Oil Extends Winning Streak on Saudi Supply Cuts, Trade Optimism
(Bloomberg) -- Oil closed higher for a fifth session as fresh evidence of OPEC production cuts tempered concern about the economic damage from global trade standoffs.
Futures rose 0.9 percent on Tuesday in New York, reaching their highest point since mid-November. A U.S. government official said trade talks with China were accelerating as a March 1 deadline approaches, even as the European Union vowed a swift response if America targets automobile imports. On the supply side, Saudi Arabia is slashing crude exports.
Even as U.S. prices gained on Tuesday, Brent, the global benchmark, slipped for the first time in six days. Oil has rallied more than 20 percent this year as the Organization of Petroleum Exporting Countries and other big exporters curtail output. Still, signs of slowing economic growth and record U.S. crude production have weighed on sentiment.
Investors “are focusing more on the trade talks right now,” said Scott Bauer, chief executive officer of Prosper Trading Academy in Chicago. “But we know all it takes is one tweet or one headline to turn that around, so I don’t think that volatility is going to go away any time soon.”
West Texas Intermediate for March delivery, which expires Wednesday, rose 50 cents from Friday’s closing price to $56.09 a barrel on the New York Mercantile Exchange. Monday’s transactions were booked Tuesday for settlement because of the U.S. President’s Day holiday. The more-active April contract gained 47 cents to $56.45.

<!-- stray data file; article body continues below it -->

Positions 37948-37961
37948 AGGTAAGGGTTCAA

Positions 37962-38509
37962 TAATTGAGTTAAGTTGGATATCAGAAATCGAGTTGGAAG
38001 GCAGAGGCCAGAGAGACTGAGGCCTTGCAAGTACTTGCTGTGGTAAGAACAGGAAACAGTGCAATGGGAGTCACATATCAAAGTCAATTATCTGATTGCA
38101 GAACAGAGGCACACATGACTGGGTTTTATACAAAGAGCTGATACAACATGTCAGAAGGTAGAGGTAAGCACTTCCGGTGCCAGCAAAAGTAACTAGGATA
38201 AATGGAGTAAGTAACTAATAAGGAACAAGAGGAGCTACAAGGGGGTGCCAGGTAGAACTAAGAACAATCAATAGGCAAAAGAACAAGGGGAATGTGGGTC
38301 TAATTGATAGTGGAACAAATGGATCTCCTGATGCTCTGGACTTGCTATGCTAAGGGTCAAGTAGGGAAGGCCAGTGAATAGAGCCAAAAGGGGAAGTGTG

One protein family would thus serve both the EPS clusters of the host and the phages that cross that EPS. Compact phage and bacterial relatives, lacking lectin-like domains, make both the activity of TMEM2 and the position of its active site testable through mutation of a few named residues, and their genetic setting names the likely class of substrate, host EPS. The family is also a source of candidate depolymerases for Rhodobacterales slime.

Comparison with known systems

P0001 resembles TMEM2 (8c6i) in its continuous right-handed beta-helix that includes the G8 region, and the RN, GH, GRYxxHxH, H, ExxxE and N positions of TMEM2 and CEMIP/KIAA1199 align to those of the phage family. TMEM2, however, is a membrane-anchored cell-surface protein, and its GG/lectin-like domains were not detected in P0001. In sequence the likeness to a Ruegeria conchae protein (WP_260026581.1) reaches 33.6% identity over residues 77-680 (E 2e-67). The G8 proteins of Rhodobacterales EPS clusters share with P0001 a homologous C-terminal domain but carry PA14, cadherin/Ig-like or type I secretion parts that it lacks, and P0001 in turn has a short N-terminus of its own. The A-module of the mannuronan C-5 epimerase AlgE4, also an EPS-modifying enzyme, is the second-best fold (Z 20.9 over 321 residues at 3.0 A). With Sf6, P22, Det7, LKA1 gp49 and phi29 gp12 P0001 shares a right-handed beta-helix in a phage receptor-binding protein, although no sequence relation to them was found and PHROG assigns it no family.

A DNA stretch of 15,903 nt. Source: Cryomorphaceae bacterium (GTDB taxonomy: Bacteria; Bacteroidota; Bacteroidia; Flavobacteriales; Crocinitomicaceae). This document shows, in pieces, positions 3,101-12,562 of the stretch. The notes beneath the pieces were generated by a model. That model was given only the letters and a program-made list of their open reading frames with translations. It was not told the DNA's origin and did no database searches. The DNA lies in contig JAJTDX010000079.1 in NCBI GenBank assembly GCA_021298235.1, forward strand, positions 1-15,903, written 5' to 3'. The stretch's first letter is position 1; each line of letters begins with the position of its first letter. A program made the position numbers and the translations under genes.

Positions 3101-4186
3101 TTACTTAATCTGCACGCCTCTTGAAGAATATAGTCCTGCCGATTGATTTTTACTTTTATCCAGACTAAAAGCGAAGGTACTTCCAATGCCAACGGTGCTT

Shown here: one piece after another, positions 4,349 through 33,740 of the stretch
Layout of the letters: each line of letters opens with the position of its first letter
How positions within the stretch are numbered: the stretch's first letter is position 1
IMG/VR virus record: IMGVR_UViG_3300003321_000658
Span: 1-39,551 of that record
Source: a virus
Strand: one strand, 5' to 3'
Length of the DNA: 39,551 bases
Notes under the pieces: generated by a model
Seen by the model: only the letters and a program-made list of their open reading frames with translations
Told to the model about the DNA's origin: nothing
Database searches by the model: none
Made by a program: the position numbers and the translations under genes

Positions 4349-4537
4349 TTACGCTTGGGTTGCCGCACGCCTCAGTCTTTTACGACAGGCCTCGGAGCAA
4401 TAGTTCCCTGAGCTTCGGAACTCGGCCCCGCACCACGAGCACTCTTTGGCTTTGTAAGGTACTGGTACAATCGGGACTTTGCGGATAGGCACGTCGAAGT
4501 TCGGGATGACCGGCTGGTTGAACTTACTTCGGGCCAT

Brent for April settlement edged down 5 cents to $66.45 on the London-based ICE Futures Europe exchange. The contract was at a $10 premium over WTI for the same month.
While high-level meetings in Beijing last week made little obvious progress, U.S. President Donald Trump called them “very productive” and has said he’s willing to delay additional tariff increases as long as there’s movement toward a “real deal.” Chinese trade negotiators headed back to Washington for more talks starting Tuesday.
Tanker tracking firm Kpler estimated Saudi oil exports fell to 6.2 million barrels a day in the first half of this month, lower than the 6.9 million indicated by Energy Minister Khalid Al-Falih for March. It’s less likely the kingdom will be able to revive shipments, given production at its largest offshore field Safaniyah is curtailed, Kpler said.
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